Timothy K. Eatman, Ph.D., is the inaugural dean of the HLLC. Most recently, he held an appointment as Associate Professor of Higher Education in the School of Education at Syracuse University. From 2012 to 2017, Tim served as Faculty Co-Director of Imagining America: Artists and Scholars in Public Life (IA). He is co-author of Scholarship in Public: Knowledge Creation and Tenure Policy in the Engaged University, a seminal IA research report on faculty rewards and publicly engaged scholarship.
Tim’s research explores institutional policy and equity issues in higher education. He has published in such venues as the Journal of Educational Finance, Readings on Equal Education, Diversity and Democracy, and The Huffington Post, and has written several other book chapters and reports. He is co-editor of the Cambridge Handbook of Service Learning and Civic Engagement, released in 2017.
He serves in national roles including as a faculty member for Association of American Colleges and Universities (AAC&U) Summer Institutes on High Impact Practices and the Advisory Panel for the Carnegie Engagement Classification for Community Engagement.
Tim sits on the editorial board of University of Michigan Press - The New Public Scholarship book series, Urban Education, Diversity, and Democracy and reviews for several scholarly journals and publications. The recipient of the 2010 Early Career Research Award for the International Association for Research on Service Learning and Community Engagement (IARSLCE) and now a member of the board, Tim often consults with Higher Education associations and institutions for collaborative research, keynotes, workshops and consultancies.
Margaret Post is an assistant research professor at Clark University in the Department of International Development, Community and the Environment. Her scholarship focuses on the role of grassroots community organizations in social policy change.
Dr. Post is author of Grassroots Coalitions and State Policy Change: Organizing for Immigrant Health Care (2011) and co-editor of Publicly Engaged Scholars: Next Generation Engagement and the Future of Higher Education with Elaine Ward, Nicholas Longo, and John Saltmarsh (2016). She also publishes in both scholarly and practitioner journals. In addition to teaching courses on public policy, community organizing, and qualitative research methods, Dr. Post conducts research and trainings with a range of non-profit and political organizations. Since 2013, Dr. Post also has served as a senior researcher with the Innovation Network Inc. Her current research focuses on the prevalence and efficacy of 501(c)(4) nonprofit advocacy organizations.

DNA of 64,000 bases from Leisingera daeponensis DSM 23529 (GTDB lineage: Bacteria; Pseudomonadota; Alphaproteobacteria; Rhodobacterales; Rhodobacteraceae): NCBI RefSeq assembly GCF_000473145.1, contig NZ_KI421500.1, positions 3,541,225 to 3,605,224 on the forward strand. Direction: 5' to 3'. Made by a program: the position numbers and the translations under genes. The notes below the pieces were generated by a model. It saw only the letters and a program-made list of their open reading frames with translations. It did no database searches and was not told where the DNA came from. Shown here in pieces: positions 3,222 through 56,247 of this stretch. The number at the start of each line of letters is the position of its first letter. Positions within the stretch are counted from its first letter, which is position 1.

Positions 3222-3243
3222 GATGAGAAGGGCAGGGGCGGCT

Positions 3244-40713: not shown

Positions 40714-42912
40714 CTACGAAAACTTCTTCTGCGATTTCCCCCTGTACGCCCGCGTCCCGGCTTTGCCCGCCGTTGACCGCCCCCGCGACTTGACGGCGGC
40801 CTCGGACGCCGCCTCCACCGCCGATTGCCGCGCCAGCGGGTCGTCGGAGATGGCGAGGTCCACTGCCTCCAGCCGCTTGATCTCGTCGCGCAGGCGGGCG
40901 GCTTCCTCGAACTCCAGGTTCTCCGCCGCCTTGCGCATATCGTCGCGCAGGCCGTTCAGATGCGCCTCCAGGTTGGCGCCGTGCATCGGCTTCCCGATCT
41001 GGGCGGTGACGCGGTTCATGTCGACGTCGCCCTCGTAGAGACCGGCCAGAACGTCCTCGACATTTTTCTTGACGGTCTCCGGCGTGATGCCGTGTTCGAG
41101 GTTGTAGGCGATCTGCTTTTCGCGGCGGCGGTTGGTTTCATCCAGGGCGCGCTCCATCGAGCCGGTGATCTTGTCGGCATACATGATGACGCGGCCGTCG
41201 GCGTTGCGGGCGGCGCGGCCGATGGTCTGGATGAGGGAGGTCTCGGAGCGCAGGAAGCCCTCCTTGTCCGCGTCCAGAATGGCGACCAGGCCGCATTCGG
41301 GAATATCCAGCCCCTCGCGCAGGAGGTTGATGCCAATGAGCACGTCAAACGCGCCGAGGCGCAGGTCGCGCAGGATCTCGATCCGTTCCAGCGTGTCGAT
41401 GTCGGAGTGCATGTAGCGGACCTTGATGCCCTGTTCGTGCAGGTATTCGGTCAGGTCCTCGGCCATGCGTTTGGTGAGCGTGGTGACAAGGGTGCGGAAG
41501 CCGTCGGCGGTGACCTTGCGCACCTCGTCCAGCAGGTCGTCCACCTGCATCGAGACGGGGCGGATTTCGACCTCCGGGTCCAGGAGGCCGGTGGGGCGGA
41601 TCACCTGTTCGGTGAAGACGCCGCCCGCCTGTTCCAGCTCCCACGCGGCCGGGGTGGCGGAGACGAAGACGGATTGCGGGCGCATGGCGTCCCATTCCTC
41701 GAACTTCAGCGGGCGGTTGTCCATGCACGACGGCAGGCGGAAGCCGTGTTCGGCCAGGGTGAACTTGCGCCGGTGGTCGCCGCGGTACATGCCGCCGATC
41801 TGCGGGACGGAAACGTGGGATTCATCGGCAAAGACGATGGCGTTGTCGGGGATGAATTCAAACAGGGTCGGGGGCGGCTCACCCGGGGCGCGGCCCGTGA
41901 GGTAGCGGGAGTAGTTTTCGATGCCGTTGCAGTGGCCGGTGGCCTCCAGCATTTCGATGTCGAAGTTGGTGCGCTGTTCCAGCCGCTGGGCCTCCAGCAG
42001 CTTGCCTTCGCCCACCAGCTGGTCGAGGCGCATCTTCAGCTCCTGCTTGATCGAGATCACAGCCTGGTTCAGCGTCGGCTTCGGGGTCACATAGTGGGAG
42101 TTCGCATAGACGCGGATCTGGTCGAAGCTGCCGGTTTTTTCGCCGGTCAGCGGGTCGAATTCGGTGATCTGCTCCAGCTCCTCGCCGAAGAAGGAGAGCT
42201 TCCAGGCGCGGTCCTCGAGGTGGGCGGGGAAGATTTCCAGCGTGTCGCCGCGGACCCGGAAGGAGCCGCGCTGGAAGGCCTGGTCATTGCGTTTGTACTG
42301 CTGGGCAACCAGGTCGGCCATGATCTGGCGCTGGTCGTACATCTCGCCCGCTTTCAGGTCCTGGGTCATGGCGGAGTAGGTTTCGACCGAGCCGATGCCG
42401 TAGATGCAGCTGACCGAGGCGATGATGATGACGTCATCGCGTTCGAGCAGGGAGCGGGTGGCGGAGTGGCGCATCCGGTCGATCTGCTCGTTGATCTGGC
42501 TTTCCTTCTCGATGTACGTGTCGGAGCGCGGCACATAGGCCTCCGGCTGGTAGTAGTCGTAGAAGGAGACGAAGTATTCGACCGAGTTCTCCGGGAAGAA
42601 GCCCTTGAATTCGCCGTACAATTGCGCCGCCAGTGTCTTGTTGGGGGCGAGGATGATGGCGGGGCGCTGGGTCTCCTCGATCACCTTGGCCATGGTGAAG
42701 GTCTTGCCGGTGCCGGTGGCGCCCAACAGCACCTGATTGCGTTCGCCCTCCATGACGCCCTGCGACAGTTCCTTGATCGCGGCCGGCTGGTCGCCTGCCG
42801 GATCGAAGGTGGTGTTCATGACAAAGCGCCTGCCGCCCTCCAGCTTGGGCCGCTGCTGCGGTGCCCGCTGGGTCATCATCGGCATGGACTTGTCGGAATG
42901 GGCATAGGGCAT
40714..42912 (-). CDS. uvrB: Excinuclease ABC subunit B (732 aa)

From 2013-2018, Dr. Post was a visiting scholar at the Nelson A. Rockefeller Center for Public Policy at Dartmouth College. She was post-doctoral fellow and co-manager of the Policy Research Shop at the Rockefeller Center from 2011-2013. Prior to her work at Dartmouth College, Dr. Post was Director of the Donelan Office of Community Based Learning at College of the Holy Cross (Worcester, MA) from 2007-2011.
In 2007, Dr. Post was awarded the K. Patricia Cross Future Leaders Award from the Association of American Colleges and Universities and the Bailis Family Social Justice Award from the Heller School at Brandeis University. She has served on the Executive Committee of Massachusetts Campus Compact, the Advisory Board of the publication Diversity and Democracy, and is an active member of the Association for Research on Nonprofit Organizations and Voluntary Action (ARNOVA).
Dr. Post holds a doctorate in social policy from Brandeis University, and a master of public policy from the University of Minnesota.
Stephanie Yuhl is Professor of History at the College of the Holy Cross and specializes in the social and cultural history of the twentieth-century United States, with emphases in Southern history, public history, memory, gender/sexuality, and social movements. Her book-length treatment of Charleston’s cultural and touristic renaissance of the 1920s and 1930s, A Golden Haze of Memory: The Making of Historic Charleston, won two national awards, in historic preservation and southern history, respectively. The author of multiple essays and articles, Yuhl’s “Hidden in Plain Sight: Centering the Domestic Slave Trade in American Public History” (2013) earned the Fletcher M. Green and Charles W. Ramsdell Award for the best article published in the Journal of Southern History. A practicing public historian and consultant, Yuhl has curated museum exhibits, conducted community oral history projects, and served as lead scholar on projects in the Digital Humanities. She is currently co-curating a museum exhibit, archive-building, and oral history project (funded in part by the Scholarship in Action grant through the Andrew W. Mellon Foundation and Holy Cross) on LGBTQ+ history in Worcester, which will be on exhibit at the Worcester Historical Museum until November 19. She is also at work on a book tentatively entitled, Cultural Redlining: The Cityscape & Neo-liberal Abuses of the Public Good, with colleagues at Harvard’s Graduate School of Design.
As the Executive Director of Worcester Historical Museum (WHM), Bill has over 40 years of experience in providing support and leadership to the Museum’s governing authority, managing and directing Museum operations, ensuring its finances are secured and managed and communicating the Museum’s goals to the public and stakeholders. He believes that the most exciting part of his job lies within the partnerships built with individuals, groups and other organizations throughout the community. Mass Humanities awarded Bill Wallace with its highest honor this year the "Mass History Commendation" for his impressive stewardship of Worcester's history at the Worcester Historical Museum which has included such current public history projects at the museum like the Latino History Project and the impressive exhibit For the Record: LGBTQ+ Worcester.